This is the world's largest archive of modern slavery survivor narratives. Across more than a million words spoken or written by survivors of modern slavery, we can see why slavery persists in particular hotspots, analyse patterns in trafficking routes, identify vulnerabilities, understand more about the challenges survivors face in liberation, and discover new antislavery solutions. These narratives offer the chance to systematically design new antislavery strategies based on the experiences, ideas and solutions of enslaved people themselves.
The database is searchable by country, name, theme, and narrative date. Narratives can be viewed in list or map form. A short introduction provides context to each narrative. Narrative provenance appears after the main narrative text.
For ideas on how to use this database, please see our accompanying guide.
Project Lead: Zoe Trodd. Team Members: Andrea Nicholson, Lauren Eglen, Rosemary Pearce, Olivia Wright.
Project Funders: AHRC Antislavery Usable Past grant (2014-19), ESRC/AHRC PaCCS Modern Slavery: Meaning and Measurement grant (2016-19), and AHRC-GCRF Antislavery Knowledge Network grant (2017-2021).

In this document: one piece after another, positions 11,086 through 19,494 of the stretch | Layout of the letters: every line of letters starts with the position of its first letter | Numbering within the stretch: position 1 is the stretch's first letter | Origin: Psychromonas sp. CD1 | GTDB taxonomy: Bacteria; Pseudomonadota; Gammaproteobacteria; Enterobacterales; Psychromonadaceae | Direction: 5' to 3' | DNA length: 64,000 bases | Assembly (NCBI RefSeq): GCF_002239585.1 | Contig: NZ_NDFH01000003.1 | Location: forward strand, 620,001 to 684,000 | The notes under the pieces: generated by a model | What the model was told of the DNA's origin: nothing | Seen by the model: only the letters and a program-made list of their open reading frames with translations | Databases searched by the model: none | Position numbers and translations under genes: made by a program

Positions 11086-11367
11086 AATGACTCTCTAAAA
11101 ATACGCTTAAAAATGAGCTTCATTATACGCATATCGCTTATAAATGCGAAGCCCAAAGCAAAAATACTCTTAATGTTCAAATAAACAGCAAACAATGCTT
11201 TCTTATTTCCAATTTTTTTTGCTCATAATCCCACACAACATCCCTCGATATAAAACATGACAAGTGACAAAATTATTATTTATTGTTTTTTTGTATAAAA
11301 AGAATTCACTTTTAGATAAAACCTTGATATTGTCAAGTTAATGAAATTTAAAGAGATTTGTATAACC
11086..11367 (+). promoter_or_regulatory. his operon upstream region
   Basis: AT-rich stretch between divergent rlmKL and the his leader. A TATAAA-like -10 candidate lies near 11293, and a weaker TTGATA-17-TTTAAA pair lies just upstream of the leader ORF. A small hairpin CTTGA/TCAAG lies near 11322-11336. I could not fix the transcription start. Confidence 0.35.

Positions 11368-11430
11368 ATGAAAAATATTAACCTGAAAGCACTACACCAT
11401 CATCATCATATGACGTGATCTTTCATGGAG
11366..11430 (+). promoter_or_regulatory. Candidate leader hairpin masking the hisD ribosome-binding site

For any queries about the collection please contact: firstname.lastname@example.org. If you wish to cite a particular narrative, please acknowledge the survivor’s name, the provenance of the narrative and cite: Voices Database, the Rights Lab, University of Nottingham.
Grace was educated until the 10th grade in Nigeria, after which she was sent to work to help support her family, who lived in poverty. She worked for three years at various jobs, during which time she was raped and gave birth to a son. Her father told her that as a woman, she was “predestined by…
When K.’s pimp took her for the first time to “work” in a brothel in Bremen, K. began crying and refused to cooperate, and he took her back to their hometown in Bavaria. However, after continued abuse paired with affection, he soon succeeded in prostituting K. in apartments and various legal…